Sarah Fuller Makes History As 1st Woman To Play In A Power 5 Football Game
Updated at 4:38 p.m. ET
Sarah Fuller has made history as the first woman to play in a Power Five college football game.
The Vanderbilt University senior made her historic debut as a kicker for the Commodores in their faceoff Saturday against the University of Missouri Tigers. She kicked off for the Commodores to start the second half, making her the first woman to see game-time action in a Power Five football game.
The Power Five consists of the biggest and most popular athletic conferences: the Southeastern Conference, Atlantic Coast Conference, Big Ten Conference, Big 12 Conference and Pac-12 Conference.
Fuller joined the football team's roster after practicing with them earlier this week, The Vanderbilt Hustlerreported. The decision to add her to the ranks reportedly came after several team specialists entered quarantines related to COVID-19.
Although it was her first time playing for the football team, Fuller is no stranger to Vanderbilt sports. The Wylie, Texas, native made her first start as the goalkeeper for the Vanderbilt women's soccer team on Oct. 11. On Sunday, she made three saves in a game against the University of Arkansas that won her team the SEC Tournament Championship title — its first since 1994.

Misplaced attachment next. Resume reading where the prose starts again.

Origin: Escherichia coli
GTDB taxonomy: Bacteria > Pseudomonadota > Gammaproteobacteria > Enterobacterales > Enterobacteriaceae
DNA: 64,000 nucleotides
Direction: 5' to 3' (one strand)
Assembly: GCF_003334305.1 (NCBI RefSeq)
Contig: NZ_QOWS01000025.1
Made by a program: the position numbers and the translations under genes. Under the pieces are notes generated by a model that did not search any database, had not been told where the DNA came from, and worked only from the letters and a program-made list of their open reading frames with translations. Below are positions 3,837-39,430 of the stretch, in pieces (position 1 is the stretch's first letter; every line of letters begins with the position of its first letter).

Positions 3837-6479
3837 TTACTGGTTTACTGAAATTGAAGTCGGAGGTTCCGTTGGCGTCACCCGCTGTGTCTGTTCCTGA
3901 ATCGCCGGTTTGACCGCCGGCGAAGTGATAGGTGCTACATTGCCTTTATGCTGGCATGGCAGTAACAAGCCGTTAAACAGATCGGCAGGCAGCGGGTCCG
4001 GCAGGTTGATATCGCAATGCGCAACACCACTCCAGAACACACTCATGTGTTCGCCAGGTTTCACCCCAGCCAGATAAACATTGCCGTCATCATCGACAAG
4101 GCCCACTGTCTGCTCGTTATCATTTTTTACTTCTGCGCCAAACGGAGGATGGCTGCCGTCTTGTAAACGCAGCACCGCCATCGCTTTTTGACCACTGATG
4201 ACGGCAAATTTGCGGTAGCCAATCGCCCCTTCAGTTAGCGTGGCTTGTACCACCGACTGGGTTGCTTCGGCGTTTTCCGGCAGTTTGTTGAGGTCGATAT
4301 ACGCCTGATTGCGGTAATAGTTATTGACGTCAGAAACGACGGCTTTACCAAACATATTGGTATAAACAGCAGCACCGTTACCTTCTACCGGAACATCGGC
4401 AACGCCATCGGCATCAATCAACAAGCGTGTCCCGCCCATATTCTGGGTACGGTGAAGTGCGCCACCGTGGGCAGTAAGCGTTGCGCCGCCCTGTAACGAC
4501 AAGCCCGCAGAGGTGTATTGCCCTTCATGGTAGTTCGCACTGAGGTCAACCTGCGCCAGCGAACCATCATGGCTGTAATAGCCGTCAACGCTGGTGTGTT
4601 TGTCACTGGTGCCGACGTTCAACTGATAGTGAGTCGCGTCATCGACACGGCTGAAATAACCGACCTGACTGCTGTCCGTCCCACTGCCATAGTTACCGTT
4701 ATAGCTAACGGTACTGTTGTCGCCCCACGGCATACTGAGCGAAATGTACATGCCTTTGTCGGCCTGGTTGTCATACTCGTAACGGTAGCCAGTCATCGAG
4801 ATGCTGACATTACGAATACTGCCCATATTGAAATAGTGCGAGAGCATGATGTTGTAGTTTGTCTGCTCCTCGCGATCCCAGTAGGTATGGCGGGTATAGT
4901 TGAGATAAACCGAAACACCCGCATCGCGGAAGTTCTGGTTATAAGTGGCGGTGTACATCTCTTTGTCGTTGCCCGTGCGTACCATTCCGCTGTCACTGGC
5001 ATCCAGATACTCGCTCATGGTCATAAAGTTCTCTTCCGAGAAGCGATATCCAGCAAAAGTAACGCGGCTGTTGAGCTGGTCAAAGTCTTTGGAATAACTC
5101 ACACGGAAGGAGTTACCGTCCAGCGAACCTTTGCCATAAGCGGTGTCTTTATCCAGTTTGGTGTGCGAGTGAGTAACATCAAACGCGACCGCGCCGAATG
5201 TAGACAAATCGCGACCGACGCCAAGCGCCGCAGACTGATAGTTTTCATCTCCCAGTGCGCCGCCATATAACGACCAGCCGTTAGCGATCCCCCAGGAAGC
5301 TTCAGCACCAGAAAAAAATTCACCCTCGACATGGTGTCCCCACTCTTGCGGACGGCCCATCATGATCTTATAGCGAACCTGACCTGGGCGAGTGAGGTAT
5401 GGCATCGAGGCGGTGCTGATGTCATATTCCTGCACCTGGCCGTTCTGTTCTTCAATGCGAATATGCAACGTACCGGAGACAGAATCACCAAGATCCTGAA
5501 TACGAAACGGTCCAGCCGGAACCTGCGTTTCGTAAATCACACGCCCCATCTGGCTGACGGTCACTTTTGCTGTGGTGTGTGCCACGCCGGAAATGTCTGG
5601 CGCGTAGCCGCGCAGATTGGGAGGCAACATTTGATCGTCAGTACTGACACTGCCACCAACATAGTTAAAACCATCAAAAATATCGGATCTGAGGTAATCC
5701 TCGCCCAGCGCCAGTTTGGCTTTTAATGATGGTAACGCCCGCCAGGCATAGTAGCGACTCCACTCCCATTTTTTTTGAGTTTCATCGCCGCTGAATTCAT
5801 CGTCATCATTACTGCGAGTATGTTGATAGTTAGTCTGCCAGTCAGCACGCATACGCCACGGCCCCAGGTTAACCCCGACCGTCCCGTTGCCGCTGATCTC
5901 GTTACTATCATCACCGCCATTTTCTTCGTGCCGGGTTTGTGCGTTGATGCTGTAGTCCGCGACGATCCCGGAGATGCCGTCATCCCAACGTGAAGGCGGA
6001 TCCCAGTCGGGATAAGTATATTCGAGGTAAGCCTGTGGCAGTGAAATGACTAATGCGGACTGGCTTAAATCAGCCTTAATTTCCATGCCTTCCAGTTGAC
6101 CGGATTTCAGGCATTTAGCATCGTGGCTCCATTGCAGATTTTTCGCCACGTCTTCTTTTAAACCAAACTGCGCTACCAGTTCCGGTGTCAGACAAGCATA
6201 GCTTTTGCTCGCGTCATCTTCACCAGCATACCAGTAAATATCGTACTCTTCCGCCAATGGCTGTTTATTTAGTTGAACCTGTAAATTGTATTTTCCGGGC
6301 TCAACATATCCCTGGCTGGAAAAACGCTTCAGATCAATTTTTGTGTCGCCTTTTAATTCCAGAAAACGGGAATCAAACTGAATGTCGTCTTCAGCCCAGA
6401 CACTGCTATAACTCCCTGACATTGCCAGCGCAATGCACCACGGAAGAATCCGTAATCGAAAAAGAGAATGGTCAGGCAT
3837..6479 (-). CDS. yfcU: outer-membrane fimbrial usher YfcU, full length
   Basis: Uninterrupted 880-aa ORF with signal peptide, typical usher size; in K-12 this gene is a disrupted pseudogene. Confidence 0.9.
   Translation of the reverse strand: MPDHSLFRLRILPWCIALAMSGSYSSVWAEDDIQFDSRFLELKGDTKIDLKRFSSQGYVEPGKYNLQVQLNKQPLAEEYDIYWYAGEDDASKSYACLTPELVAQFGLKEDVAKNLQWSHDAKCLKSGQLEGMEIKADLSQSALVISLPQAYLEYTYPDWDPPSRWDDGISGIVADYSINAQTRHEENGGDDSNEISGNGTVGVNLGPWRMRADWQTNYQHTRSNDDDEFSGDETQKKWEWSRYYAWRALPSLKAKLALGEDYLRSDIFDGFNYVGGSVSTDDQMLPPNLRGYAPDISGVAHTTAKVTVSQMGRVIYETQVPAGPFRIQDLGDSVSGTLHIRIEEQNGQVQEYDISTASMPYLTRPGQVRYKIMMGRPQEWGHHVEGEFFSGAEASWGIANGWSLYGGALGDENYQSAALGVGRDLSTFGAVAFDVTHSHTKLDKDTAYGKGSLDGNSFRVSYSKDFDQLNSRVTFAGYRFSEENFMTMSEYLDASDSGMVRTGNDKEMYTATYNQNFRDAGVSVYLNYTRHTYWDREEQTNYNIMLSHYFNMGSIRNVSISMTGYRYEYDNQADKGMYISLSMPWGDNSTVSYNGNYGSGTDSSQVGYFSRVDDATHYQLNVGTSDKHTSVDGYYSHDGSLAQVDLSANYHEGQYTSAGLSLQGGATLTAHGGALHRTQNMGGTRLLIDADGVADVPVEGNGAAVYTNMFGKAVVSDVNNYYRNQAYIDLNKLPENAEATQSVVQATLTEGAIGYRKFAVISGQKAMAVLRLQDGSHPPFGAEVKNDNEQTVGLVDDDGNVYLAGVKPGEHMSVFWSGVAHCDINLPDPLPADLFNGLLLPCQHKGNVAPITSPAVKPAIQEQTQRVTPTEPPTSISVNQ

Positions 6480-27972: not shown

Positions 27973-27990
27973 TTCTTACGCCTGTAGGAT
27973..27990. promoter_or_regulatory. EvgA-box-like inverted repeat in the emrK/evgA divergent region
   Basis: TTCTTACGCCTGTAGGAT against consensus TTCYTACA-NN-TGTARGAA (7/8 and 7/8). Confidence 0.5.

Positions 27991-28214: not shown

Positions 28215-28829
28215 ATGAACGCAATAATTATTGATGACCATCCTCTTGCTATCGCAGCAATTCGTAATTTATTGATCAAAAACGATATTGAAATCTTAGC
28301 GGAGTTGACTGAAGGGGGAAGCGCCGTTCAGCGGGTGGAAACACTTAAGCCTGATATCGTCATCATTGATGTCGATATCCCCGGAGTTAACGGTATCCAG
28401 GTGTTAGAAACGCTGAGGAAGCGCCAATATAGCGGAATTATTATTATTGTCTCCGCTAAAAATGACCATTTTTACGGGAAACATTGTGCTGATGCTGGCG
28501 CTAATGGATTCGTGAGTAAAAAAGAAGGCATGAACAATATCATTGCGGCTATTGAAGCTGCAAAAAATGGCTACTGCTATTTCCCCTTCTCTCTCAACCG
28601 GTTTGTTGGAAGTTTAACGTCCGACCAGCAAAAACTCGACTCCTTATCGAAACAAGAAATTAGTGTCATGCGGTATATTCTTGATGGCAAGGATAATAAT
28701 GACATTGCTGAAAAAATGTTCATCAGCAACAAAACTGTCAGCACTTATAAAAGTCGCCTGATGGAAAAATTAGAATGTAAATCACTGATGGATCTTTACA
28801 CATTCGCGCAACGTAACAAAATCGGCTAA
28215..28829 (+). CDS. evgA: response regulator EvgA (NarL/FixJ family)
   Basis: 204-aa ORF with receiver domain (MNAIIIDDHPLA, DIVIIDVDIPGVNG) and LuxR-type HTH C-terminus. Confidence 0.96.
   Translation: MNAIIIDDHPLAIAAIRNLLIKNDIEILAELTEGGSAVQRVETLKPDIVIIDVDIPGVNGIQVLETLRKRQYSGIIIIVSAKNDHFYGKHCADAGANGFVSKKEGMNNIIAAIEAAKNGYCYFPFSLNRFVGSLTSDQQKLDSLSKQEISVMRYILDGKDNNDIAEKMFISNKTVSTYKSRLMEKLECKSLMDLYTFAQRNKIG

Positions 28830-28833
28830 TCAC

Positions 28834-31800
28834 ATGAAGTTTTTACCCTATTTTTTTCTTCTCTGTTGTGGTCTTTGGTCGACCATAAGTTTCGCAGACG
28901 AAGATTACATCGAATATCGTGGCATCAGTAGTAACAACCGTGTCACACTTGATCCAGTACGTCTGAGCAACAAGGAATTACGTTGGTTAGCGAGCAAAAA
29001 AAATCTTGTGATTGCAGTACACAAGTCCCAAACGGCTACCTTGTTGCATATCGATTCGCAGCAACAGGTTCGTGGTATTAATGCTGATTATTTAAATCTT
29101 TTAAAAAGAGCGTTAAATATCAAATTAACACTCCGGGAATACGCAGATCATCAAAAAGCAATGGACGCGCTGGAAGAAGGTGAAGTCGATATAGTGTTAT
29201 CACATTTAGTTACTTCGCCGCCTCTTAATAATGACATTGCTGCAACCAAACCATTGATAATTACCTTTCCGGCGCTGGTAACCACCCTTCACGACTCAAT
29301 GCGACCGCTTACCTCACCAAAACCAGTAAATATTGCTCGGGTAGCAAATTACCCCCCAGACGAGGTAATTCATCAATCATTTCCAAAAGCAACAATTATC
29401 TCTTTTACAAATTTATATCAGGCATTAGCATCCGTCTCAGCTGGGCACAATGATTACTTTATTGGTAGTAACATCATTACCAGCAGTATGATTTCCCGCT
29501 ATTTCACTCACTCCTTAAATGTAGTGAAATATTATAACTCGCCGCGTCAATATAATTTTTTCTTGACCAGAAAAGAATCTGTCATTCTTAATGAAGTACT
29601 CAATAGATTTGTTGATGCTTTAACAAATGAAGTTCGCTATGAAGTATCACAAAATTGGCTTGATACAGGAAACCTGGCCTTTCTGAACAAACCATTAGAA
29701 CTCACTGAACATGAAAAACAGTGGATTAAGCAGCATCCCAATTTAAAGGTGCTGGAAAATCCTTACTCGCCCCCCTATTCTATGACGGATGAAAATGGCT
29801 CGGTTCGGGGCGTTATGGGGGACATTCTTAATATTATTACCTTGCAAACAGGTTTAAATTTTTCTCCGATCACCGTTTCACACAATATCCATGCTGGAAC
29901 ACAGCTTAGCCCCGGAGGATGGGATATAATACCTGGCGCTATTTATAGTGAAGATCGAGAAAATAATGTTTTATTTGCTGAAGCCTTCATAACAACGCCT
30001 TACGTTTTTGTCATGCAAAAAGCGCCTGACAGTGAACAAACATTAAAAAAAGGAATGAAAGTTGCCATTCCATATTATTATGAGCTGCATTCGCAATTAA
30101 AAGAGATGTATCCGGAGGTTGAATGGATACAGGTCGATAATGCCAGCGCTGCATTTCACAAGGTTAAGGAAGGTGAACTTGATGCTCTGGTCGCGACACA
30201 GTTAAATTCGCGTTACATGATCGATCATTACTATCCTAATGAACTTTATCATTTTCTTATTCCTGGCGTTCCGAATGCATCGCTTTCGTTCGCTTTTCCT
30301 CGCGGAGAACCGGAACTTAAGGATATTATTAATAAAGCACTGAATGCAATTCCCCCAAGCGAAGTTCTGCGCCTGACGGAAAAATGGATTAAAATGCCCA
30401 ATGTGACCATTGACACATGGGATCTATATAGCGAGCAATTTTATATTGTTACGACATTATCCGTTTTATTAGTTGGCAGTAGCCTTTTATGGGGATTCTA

Fuller's historic kickoff in the third quarter of Saturday's game sent the ball 30 yards to the opposing team's 35-yard line. Missouri did not return the kick. Despite Fuller making college football history, Vanderbilt was crushed by Missouri, losing the game 0-41.
Fuller is just the third woman to play in the NCAA Division I Football Bowl Subdivision, after Katie Hnida of New Mexico and April Goss of Kent State, according to ESPN. Liz Heaston was the first woman to play — and score — in a college football game, kicking two extra points that helped lead Willamette University to victory against Linfield College on Oct. 18, 1997.
In a Twitter post on Friday night, Fuller made clear that she knew she was breaking barriers, writing, "Let's make history."
In another nod to breaking barriers, her helmet during Saturday's game had "Play Like a Girl" written on the back. Play Like a Girl is a nonprofit that encourages girls to participate in sports as well as science, technology, engineering and math, or STEM.
Twitter users said they tuned in to Saturday's game just to watch Fuller make history.
Fuller also received support from American tennis player Billie Jean King, who wrote in a Twitter post that "women belong in the game."
King made headlines in 1973 when she defeated former men's tennis champion Bobby Riggs in the match billed as the "Battle of the Sexes."
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